We came here to protect the Inhabitants and their Property from the Ravages of the Enemy but if instead of support and Protection, they meet with nothing but Insult and Outrage, we shall be considered as lawless Bandits and treated as Oppressors and Enemies.
On the other hand, the New York Packet noted that "The behavior of the New England soldiers is decent and their civility to the inhabitants very commendable."
Meanwhile, the persecution of suspected Tories continued. Reverend Shewkirk recounts the very uncivil treatment accorded some hapless loyalists at the hands of a patriot mob:
Thursday, 13th June. ñ Here in town very unhappy and shocking scenes were exhibited. On Munday night some men called Tories were carried and hauled about through the streets, with candles forced to be held by them, or pushed in their faces, and their heads burned; but on Wednesday, in the open day, the scene was by far worse; several, and among them gentlemen, were carried on rails; some stripped naked and dreadfully abused. Some of the generals, and especially Pudnam and their forces, had enough to do to quell the riot, and make the mob disperse.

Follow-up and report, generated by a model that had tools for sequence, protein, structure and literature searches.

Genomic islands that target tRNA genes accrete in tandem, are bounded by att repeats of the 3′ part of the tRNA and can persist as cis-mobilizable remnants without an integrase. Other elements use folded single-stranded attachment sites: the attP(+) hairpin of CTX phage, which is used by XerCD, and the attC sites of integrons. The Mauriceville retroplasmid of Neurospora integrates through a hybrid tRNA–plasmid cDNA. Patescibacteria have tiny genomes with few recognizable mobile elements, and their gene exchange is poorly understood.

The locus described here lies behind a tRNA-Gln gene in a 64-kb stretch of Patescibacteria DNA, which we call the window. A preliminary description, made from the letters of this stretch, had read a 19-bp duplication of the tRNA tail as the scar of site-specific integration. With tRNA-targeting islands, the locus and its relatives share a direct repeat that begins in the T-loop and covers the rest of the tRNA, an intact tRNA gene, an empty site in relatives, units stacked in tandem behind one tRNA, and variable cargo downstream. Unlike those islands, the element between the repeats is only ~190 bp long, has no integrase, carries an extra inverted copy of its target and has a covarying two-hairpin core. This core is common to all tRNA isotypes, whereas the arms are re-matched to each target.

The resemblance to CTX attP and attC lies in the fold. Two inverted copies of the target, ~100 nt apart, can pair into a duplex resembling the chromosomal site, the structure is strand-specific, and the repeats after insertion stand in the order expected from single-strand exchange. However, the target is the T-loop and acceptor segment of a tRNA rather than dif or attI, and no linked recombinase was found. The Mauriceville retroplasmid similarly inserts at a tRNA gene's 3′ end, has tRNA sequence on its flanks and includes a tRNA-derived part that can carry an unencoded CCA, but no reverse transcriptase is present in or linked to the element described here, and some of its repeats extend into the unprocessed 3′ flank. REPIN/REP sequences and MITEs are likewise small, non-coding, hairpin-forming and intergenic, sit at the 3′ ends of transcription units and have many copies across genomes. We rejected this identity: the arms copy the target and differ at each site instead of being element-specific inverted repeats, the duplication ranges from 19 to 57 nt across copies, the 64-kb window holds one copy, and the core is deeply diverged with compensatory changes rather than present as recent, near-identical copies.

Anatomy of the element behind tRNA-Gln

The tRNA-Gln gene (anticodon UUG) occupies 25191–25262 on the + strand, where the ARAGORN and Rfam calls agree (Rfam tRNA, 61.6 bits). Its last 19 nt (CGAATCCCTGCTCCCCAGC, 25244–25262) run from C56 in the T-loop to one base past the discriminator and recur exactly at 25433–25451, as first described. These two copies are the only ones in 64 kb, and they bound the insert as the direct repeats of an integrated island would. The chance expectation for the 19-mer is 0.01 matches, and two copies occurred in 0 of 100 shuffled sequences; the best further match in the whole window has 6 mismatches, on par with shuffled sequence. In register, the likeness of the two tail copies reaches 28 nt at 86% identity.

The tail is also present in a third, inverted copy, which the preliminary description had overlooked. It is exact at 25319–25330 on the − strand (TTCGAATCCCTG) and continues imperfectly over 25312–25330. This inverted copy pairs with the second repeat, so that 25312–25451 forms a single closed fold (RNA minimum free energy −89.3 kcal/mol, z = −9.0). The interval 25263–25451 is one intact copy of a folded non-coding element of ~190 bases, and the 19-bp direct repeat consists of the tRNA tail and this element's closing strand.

Meanwhile, the circulation of Thomas Paine's celebrated pamphlet Common Sense excited many New Yorkers to the idea of independence. One New Yorker credited the tract as having "converted thousands to independents, that could not endure the idea before." Copies of Plain Truth, a pamphlet disputing Paine's arguments written by Maryland loyalist James Chalmers, were seized and destroyed by New York radicals, although it apparently sold without incident in Philadelphia. The looming question of Independence colored the Provincial Congress' deliberations throughout May as radicals and moderates debated. As men of property, the moderate leaders had the most to lose if the rebellion failed. Furthermore, many may have feared the "leveling" spirit that potentially threatened their privileged position had the revolt succeeded. On May 29 a committee of the New York mechanics weighed-in on the question by urging the Provincial Congress to declare for independence. When Virginia's Richard Henry Lee introduced his famous independence resolution in the Continental Congress on June 7, the New York delegation asked the Provincial Congress for instructions on how to proceed. The Provincial Congress deliberated three days later, and voted unanimously that they lacked authorization to declare independence. Instead, they called for the election of a new Provincial Congress with full power to decide this question. Consequently, the New York delegation, while declaring their personal support, officially abstained when the Continental Congress adopted the Declaration of Independence. When a new Provincial Congress gathered on July 9, they immediately and unanimously joined their sister colonies in voting for separation.